Friday, August 10, 2007

Poetry Friday 61

I missed Poetry Friday last week - I kept putting it off until later in the day bceause I'd been so busy during the week that I hadn't picked a poem beforehand, and the next thing I knew it was bedtime and too late... That's the first time I've missed it since Kelly instituted it - although I've occasionally done Poetry Thursday or Poetry Saturday posts, I'd never not posted a poem before. So I was determined not to miss it this week and fortunately the Writer's Almanac reminded me this week of John Keat's Endymion:

A THING of beauty is a joy for ever:
Its loveliness increases; it will never
Pass into nothingness; but still will keep
A bower quiet for us, and a sleep
Full of sweet dreams, and health, and quiet breathing.
Therefore, on every morrow, are we wreathing
A flowery band to bind us to the earth,
Spite of despondence, of the inhuman dearth
Of noble natures, of the gloomy days,
Of all the unhealthy and o’er-darkened ways
Made for our searching: yes, in spite of all,
Some shape of beauty moves away the pall
From our dark spirits. Such the sun, the moon,
Trees old and young, sprouting a shady boon
For simple sheep; and such are daffodils
With the green world they live in; and clear rills
That for themselves a cooling covert make
’Gainst the hot season; the mid forest brake,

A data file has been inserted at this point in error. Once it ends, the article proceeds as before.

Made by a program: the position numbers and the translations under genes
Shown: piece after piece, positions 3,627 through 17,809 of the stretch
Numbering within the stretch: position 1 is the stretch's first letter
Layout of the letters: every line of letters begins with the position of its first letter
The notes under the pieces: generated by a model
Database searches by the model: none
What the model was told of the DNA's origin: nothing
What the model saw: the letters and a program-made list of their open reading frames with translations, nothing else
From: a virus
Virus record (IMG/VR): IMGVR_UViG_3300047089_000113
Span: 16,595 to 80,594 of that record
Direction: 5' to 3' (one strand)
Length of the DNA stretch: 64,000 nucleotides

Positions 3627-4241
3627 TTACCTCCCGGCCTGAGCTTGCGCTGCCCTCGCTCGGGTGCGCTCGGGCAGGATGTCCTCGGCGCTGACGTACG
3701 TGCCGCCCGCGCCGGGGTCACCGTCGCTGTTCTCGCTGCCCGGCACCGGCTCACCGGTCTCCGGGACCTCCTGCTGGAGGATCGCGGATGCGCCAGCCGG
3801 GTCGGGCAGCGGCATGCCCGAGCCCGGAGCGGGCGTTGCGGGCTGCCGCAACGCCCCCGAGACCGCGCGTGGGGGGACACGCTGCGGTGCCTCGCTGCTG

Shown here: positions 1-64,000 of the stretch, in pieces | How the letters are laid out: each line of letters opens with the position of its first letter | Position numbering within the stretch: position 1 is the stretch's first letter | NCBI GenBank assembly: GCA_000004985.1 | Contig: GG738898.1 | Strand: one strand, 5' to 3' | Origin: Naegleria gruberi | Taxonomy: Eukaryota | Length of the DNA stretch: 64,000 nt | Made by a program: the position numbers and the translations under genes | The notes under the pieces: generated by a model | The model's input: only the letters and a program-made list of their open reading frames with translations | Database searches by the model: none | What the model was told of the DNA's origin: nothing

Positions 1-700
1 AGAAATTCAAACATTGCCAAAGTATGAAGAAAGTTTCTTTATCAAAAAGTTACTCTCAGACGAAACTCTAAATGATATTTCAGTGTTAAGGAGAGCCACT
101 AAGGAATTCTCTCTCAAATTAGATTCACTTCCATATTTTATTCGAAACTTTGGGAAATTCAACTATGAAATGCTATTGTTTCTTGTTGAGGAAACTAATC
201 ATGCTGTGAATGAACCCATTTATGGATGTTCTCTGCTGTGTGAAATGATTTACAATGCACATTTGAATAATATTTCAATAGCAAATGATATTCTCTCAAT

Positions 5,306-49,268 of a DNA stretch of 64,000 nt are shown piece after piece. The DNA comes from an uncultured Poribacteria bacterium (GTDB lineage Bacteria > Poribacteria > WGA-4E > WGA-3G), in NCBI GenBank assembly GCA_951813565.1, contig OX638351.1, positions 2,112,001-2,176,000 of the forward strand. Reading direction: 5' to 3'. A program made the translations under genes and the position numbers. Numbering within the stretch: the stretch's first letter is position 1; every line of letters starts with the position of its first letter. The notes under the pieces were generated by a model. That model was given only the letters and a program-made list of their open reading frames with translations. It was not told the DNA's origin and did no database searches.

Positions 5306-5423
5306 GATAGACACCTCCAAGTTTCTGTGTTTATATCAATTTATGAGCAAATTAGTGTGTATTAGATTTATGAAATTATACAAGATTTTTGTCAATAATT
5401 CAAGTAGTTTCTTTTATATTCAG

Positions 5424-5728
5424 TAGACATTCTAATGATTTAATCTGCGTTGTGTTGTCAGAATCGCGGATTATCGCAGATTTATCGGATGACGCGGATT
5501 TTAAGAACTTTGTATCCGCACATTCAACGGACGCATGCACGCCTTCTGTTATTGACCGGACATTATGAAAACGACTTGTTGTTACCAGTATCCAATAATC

Rich with a sprinkling of fair musk-rose blooms:
And such too is the grandeur of the dooms
We have imagined for the mighty dead;
All lovely tales that we have heard or read:
An endless fountain of immortal drink,
Pouring unto us from the heaven’s brink.

Nor do we merely feel these essences
For one short hour; no, even as the trees
That whisper round a temple become soon
Dear as the temple’s self, so does the moon,
The passion poesy, glories infinite,
Haunt us till they become a cheering light
Unto our souls, and bound to us so fast,
That, whether there be shine, or gloom o’ercast,
They alway must be with us, or we die.


You can read the whole poem here. This week's Poetry Friday round-up is over at Big A, little a.

4 comments:

Kelly Fineman said...

I almost went with that one two weeks ago, but didn't. And I toyed with posting from Tennyson's Ulysses today, but didn't. I'm in with Herrick's "Whenas in silks my Julia goes", all because I love the second line.

Michele said...

Well there you go !

Liquefaction is SUCH a gorgeous word, isn't it ?

cloudscome said...

This is the perfect poem for me this week.Thanks!

Michele said...

You're very welcome !!